Gough, D 2015, Star Wars: The Force Awakens: Why the M rating is confusing for parents, Sydney Morning Herald, viewed September 23rd 2016, <;.

Guy, G 2012, Classification board: deciding for those they (don’t) represent, ABC News, viewed September 23rd 2016, <;.

Reilly, C 2015, Classification board bans 219 games in 4 months, but clears 150,000, CNet, viewed September 2016, <;.



From Vines to Twitter: capturing the ‘now’.

Vines create a massive trend throughout the world in just 6 seconds. Only 6 seconds. There are many reasons for this duration. Some can explain that because human attention span has been reduced to no more than 8 seconds so vines can settle down within that amount while others argue that such a short duration is easy to make and people are not hesitant to watch.

Twitter becomes one of the most dominant social networks with a words limit of 140 characters. Just 140. Back to 2006 when it was founded, Twitter was designed to be used via wireless carriers’ text-messaging services with 160-character limit. Therefore, Twitter’s creators took out 20 characters for the user name and there we have the magic number.

Fair enough.


But both of them developed significantly out of expectation and the above arguments. The reason lies in the nature of their usage: capturing the ‘now’. In order to be instant, you don’t need much. You don’t need to many visuals as well as too many words. Therefore, the success of Twitter comes from its origin: text messages. With just 140 characters, you are able to capture your ‘now’ and let people know. Moreover, others are not hesitant to be able to know your ‘now’ by reading a 140-character tweets, just the same as the text message from you replying their text. And with a whole social site with networks of hundreds or thousands followers, you are able to capture the ‘now’ of the whole world.

Multi-media devices attention test

In this digital era, it is obvious that a large proportion of people are experiencing multi-screening, which can be referred to ‘the use of multiple digital devices at once’ (Marais 2013). This results in the fact that human’s attention span on one thing is being reduced and by the time of 2015, the average human’s attention span is just 8 seconds, which is less than that of a goldfish (9 seconds) (Watson 2015).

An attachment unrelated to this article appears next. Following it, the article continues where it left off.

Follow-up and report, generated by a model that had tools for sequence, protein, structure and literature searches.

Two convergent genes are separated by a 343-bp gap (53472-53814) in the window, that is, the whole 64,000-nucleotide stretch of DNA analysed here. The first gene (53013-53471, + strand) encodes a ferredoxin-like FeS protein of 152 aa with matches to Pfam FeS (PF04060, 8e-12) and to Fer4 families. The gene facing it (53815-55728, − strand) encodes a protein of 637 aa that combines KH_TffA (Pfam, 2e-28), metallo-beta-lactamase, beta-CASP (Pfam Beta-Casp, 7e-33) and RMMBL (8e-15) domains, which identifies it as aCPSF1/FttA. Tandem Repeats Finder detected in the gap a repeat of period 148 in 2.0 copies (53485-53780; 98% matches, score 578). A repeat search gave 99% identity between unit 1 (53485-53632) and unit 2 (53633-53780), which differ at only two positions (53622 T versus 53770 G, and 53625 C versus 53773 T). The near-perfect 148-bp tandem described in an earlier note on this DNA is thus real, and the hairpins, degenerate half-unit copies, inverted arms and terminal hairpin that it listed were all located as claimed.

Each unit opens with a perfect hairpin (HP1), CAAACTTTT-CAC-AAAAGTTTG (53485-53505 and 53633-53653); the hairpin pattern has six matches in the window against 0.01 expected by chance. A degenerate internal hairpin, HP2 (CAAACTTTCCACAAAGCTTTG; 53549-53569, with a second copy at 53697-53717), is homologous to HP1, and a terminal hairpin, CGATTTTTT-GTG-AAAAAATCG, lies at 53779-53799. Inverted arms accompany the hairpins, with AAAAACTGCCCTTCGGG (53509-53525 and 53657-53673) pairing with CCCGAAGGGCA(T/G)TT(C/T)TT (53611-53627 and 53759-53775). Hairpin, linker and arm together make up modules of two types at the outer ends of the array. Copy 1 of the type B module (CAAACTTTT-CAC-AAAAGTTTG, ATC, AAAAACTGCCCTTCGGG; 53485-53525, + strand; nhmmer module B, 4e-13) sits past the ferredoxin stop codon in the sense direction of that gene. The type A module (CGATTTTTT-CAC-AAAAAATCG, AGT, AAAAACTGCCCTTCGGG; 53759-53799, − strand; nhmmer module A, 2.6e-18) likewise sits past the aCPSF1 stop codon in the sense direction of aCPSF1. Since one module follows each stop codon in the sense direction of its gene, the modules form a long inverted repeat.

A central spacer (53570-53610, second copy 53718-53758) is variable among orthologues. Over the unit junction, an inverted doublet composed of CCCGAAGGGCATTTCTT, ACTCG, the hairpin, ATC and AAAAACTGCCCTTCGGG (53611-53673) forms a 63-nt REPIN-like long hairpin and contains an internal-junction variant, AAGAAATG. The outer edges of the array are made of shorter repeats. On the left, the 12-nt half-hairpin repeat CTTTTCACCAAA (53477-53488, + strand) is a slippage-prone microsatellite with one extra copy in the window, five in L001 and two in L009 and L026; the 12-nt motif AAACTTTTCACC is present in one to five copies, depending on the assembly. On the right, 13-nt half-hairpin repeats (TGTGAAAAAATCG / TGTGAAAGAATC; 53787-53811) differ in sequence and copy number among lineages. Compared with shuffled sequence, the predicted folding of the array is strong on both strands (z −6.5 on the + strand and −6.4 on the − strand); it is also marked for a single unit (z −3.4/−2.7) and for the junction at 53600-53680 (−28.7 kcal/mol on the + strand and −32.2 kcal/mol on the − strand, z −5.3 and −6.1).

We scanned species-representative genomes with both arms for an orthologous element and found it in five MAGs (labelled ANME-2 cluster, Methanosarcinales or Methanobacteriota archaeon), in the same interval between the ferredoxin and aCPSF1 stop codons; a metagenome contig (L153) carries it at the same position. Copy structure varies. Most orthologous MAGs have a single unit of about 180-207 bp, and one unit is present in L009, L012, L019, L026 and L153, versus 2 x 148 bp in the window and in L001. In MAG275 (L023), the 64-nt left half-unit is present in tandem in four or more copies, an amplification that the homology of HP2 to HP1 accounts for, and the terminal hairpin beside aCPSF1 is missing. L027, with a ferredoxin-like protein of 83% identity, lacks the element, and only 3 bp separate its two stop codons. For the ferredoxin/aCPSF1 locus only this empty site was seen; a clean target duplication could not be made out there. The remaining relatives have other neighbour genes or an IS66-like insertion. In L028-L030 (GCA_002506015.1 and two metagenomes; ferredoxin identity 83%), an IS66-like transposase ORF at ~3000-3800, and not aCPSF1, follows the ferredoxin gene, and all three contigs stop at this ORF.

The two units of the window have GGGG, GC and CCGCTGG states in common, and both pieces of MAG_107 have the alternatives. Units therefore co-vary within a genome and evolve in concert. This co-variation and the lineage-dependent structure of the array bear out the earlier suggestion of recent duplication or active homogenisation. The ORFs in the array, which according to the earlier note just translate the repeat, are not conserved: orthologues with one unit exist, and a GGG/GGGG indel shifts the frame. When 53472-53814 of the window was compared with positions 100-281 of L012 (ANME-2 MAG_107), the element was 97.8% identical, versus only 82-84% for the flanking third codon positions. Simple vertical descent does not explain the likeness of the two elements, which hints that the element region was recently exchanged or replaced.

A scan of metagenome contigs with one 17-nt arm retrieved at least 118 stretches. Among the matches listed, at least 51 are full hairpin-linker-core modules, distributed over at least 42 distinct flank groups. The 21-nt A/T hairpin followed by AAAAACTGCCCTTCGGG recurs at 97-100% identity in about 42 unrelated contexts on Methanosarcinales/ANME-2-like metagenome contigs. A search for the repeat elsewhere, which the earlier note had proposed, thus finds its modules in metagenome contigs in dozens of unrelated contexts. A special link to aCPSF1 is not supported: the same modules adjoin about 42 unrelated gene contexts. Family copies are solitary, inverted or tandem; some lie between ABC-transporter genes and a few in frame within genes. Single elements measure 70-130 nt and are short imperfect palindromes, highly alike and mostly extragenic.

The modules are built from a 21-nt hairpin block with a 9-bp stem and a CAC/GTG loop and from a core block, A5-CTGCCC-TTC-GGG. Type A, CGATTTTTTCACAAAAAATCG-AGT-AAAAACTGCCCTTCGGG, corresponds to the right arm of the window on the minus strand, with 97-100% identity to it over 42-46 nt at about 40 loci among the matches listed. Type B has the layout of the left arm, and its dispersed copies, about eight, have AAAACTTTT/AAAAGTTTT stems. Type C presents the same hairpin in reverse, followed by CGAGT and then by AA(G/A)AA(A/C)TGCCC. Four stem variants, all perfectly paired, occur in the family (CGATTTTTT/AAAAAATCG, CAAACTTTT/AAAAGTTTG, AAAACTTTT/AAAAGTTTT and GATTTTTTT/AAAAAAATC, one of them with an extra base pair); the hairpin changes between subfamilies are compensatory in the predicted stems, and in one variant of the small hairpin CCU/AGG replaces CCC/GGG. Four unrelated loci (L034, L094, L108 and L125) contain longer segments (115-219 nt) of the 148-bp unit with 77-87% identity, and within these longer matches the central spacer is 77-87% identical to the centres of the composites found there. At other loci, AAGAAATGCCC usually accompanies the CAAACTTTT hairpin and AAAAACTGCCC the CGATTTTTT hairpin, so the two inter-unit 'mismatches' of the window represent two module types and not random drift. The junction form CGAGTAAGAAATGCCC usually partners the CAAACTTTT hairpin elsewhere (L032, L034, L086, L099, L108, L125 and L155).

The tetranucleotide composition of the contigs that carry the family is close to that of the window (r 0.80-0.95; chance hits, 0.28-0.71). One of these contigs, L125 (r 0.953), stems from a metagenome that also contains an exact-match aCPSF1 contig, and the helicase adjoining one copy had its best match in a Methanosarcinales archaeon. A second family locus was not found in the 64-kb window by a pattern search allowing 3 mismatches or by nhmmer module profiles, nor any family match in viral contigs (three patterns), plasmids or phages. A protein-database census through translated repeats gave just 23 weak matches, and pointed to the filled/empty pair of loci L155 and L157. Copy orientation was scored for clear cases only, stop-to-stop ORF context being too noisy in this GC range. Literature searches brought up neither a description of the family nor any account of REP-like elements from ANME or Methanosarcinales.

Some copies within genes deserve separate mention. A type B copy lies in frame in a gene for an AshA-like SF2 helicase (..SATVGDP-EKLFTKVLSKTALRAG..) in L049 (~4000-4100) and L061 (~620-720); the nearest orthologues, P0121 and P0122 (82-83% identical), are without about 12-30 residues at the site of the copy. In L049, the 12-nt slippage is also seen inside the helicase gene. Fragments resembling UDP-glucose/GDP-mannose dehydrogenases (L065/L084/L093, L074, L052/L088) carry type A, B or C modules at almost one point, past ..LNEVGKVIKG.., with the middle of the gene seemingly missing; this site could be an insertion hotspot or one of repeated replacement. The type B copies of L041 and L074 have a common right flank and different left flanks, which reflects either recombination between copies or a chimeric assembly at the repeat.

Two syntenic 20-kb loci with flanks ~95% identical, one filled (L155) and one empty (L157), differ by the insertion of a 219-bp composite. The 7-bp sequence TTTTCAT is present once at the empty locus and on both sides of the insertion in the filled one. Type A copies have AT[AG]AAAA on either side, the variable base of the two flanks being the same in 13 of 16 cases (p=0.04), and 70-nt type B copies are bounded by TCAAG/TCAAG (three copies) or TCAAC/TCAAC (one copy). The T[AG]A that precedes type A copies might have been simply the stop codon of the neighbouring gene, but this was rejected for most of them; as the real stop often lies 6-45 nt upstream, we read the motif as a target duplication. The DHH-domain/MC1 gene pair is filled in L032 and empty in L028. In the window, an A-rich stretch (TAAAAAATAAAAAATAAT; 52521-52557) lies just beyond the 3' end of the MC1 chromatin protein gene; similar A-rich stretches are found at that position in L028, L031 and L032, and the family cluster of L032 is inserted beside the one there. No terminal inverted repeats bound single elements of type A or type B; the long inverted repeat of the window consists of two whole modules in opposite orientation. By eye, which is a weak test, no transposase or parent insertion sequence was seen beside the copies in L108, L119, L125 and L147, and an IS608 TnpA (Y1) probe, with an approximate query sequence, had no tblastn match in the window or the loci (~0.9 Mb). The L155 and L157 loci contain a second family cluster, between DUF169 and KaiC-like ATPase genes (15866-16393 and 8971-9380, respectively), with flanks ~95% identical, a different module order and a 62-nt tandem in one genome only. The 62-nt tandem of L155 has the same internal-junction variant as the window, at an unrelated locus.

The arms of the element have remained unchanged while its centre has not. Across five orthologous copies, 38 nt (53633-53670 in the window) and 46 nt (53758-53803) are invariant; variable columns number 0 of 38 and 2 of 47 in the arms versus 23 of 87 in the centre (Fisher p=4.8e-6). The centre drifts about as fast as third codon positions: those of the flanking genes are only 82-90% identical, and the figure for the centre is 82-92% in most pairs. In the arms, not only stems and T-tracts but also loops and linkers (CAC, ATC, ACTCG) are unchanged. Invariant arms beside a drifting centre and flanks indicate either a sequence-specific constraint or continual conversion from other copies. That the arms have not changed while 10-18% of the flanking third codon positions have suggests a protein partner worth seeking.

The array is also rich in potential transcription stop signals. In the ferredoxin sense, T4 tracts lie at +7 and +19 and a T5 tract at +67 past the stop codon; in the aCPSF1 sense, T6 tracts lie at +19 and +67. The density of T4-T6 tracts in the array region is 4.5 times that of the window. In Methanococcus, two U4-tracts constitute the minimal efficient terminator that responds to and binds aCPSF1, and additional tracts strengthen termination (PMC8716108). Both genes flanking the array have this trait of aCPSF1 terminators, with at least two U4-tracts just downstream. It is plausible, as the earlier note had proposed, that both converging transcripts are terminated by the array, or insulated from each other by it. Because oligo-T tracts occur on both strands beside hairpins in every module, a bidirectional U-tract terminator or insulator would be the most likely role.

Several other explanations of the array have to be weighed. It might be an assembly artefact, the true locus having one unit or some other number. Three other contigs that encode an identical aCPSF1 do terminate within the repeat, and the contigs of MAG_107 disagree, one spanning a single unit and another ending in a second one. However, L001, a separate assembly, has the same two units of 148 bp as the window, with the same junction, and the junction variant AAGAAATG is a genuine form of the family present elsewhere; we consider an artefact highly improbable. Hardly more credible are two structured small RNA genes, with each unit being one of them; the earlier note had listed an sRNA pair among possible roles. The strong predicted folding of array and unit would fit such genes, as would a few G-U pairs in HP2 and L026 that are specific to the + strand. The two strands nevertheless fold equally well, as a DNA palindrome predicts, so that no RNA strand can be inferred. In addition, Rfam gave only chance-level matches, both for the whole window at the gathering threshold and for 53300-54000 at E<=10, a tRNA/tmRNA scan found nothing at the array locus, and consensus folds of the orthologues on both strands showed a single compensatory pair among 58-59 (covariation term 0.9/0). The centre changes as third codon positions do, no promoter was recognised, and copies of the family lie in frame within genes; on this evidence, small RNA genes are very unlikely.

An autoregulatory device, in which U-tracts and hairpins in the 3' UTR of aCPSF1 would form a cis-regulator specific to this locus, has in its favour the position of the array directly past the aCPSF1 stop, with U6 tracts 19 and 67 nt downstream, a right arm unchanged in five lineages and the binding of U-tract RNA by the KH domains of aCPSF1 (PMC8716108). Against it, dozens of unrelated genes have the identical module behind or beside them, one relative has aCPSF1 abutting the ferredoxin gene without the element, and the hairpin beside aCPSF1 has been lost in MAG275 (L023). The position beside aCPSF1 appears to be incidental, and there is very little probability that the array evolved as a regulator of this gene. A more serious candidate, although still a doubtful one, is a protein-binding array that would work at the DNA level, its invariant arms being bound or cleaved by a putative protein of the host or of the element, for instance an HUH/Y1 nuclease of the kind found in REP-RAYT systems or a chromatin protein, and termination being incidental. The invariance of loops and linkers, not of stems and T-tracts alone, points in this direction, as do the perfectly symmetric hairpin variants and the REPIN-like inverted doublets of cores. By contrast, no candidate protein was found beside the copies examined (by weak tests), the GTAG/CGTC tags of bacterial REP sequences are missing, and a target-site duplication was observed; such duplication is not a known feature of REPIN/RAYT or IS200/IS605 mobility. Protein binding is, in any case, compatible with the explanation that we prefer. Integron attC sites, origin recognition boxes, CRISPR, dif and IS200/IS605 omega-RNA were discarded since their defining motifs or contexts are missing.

Young people, or millennials, are among the most likely to multi-screen. According to a Nielsen study in 2015, 92% of millennials surveyed responded that they used a smartphone or tablet while watching TV (Birkner 2015). I myself can relate to this phenomenon as I tend to use my smartphone while watching TV or sometimes the smartphone distracts me intentionally with text messages or Facebook notifications. As a result, people’s attention span as well as the way they consume media have changed dramatically. Therefore, in order to write this blog, I decided to design and implement an multi-media devices attention test with the participation of a person around my age to reinforce and confirm this phenomenon.

The participant in this test is my housemate who is 25 years old and I will call him Justin in this blog (this is his English name). I decided to show Justin the last minutes of NBA Finals 2016 game 7 between the Cleveland Cavaliers and the Golden State Warriors. The reason I choose this footage is because I consider this is one of the best moments ever in the history of the NBA and it will be able to capture Justin’s attention. Justin also did not know about the game as well as its result because he is not really a basketball fan.

However, I made a little adjustment to the clip as I cut off the last seconds which the Cleveland Cavaliers were about the celebrate their championship and replaced by the last seconds from game 2, in which the Cavaliers lost.The two games were held in the same place which was Oracle Arena in Oakland and everything from the crowd to the players were mostly the same. You can see the transition at 9:36.

While he was watching, I kept texting him to ask about the process and tagging his Facebook in posts that are of his interests such as sneakers or food. I maintained our interaction on Facebook by commenting and replying to him to distract him from watching the game and pushing the activity to its peak at the moment the clip was cut and transitioned. After he finished, I asked him which team won and undoubtedly, he responded the Warriors. I also asked him whether he was sure about his response and whether he noticed any thing abnormal but the decision was kept. Afterward, Justin was told to move the clip back and take a look at the uniform of the Cavaliers and compare it with the last seconds. Not until that time did he realized that they were wearing slightly different costumes as those in game 2 were in deep blue and black in game 7.

This small test clearly showed that our attention is spreaded significantly while multi-screening and of course we tend to pay attention to something more appealing. It is interesting that we are witnessing and experiencing the establishment of the ‘attention economy‘ where there are too many contents around us and therefore, our attention becomes valuable (Ingram 2015).


Marais, S 2013, The Rise of the Multi-Screen Phenomenon: What Multitasking Means for Digital Marketers, Media Vision, viewed September 16th 2016, <;

Watson, L 2015, Humans have shorter attention span than goldfish, thanks to smartphones, The Telegraph, viewed September 16th 2016, <;

Birkner, C 2015, Millennials’ Attention Divided Across Devices More Than Other Age Groups, Study Finds, American Marketing Association, viewed September 16th 2016, <;

Ingram, M 2015, The attention economy and the implosion of traditional media, Fortune, viewed September 16th 2016, <;